24 Hours of Le Mans

The 24 Hours of Le Mans is the world’s oldest sports car endurance race.

Held annually since 1923 near the town of Le Mans, France, the race is called the “Grand Prix of Endurance and Efficiency,” as teams must balance speed with the car’s ability to endure 24 hours of continual racing without sustaining mechanical damage.  With the Monaco Grand Prix and Indianapolis 500, the 24 Hours of Le Mans comprises the Triple Crown of Motorsport — the three most prestigious races in the world.  First run in May 1923, Le Mans takes place over two days in June.  The event has been canceled ten times since its inception: a labor strike during the Great Depression wiped out the 1936 race and World War II caused cancellation of the race between 1940 and 1948.  This year’s race, held June 17-18 and won by Porsche for a record 19th time, marked the 85th running of the classic.  Run on the Circuit de la Sarthe, an 8.5-mile loop that has claimed the lives of 15 drivers, Le Mans has birthed other 24-hour events like Daytona, Nurburgring and Bathurst.  The competition includes 60 cars.  For over six decades, teams were comprised of two alternating drivers.  In the late 1980s, the rules were changed to mandate three drivers per car.

Le Mans is considered the granddaddy of all tough road racing courses and the 1967 event is the most exciting in the race’s storied history.  It is also the most important.  Held June 10 and 11, it was the 35th edition..

Carroll Shelby was named Sports Illustrated’s “Driver of the Year” in 1956 and 1957.  After winning the 24 Hours of Le Mans in 1959, he retired from driving and formed the Shelby-American, Inc. racing team.  Shelby entered three cars in the 1967 Le Mans race, each built on a Ford GT 40 chassis with a Ford 7.0 liter V8 engine [one of eight Fords in the race].  He hired Dan Gurney and A.J. Foyt to drive one of them.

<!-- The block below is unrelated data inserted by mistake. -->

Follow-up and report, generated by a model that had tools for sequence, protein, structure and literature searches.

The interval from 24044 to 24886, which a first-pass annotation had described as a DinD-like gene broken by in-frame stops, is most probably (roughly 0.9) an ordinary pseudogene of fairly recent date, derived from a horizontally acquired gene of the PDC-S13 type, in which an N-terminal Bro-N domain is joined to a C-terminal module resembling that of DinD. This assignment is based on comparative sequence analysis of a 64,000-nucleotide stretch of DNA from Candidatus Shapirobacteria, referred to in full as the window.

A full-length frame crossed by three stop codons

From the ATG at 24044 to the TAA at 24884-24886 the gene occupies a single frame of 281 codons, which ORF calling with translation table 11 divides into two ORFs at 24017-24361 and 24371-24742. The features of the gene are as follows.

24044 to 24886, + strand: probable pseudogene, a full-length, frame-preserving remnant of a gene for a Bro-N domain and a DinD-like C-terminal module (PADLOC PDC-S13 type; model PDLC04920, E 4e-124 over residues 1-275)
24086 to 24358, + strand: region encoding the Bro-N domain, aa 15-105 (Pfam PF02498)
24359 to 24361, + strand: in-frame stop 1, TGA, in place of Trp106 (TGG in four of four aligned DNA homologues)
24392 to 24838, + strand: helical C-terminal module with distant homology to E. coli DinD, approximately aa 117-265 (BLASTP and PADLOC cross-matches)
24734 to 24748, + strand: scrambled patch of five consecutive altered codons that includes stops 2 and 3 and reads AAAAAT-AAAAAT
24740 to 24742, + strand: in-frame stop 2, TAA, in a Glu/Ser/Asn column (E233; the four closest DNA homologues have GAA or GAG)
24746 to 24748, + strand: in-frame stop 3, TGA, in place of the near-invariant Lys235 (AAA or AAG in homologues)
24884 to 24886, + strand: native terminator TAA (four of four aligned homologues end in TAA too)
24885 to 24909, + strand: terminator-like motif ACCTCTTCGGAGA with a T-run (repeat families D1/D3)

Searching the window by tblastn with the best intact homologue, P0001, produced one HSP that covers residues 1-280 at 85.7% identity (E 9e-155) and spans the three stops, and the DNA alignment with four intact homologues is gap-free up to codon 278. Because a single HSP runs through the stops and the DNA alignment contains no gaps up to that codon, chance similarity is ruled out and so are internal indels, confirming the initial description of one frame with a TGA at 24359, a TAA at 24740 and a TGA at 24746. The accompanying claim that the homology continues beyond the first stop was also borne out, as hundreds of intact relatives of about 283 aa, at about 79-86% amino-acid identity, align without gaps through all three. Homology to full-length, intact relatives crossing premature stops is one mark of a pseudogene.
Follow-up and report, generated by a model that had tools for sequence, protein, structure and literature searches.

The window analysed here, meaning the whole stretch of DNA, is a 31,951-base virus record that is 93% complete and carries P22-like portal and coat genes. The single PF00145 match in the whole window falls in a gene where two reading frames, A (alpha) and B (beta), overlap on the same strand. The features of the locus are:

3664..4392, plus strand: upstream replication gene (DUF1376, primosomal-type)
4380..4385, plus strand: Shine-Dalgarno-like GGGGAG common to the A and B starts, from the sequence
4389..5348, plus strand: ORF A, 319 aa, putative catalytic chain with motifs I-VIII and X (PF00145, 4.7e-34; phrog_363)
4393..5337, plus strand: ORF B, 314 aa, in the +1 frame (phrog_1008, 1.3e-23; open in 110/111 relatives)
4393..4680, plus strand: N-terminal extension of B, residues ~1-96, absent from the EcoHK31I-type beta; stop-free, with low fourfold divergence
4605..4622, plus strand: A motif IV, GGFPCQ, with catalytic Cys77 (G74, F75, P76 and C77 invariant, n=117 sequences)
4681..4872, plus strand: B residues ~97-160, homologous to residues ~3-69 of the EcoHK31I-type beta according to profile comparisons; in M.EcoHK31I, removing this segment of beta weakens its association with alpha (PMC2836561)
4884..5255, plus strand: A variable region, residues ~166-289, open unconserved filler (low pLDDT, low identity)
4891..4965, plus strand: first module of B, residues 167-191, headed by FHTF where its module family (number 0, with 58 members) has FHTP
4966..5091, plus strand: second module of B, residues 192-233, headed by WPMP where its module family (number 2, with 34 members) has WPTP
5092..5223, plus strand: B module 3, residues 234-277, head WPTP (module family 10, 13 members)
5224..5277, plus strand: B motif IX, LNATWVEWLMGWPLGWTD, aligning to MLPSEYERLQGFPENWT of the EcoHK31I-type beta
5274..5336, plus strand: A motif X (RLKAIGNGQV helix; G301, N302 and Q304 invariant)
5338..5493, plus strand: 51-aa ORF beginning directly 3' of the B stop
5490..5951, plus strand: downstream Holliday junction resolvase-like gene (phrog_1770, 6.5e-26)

The son of a Harvard Business School graduate who went on to sing in the New York Metropolitan Opera, Gurney was the first of three drivers [later joined by Mario Andretti and Juan Pablo Montoya] to have won races on the Sports Car, Formula One, NASCAR and IndyCar circuits.  A top-ranked F1 and Sports Car driver, 1967 was Gurney’s tenth start at Le Mans, considered the most grueling event in motorsports.  Shelby chose A. J. Foyt as his other driver.  Fresh off his third victory at Indy less than two weeks earlier, Foyt had been tapped to drive for Shelby-American in 1966 but delayed his debut by a year after suffering severe burns in a racing accident in Milwaukee.  A Le Mans rookie, the brash Texan angered French racing fans when he called the tricky, tree-lined Circuit de la Sarthe course, “Nothin’ but a little old country road.”

Critics predicted Foyt and Gurney – normally heated rivals – would break their car in an effort to show each other up.  The European press claimed the duo as American lead foots incapable of conquering Le Mans.  The Ferraris and other Ford GT40 teams were favored over the Foyt/Gurney squad, an advantage further compounded when the American duo only logged 15 minutes of track time to test their car in the days before the race.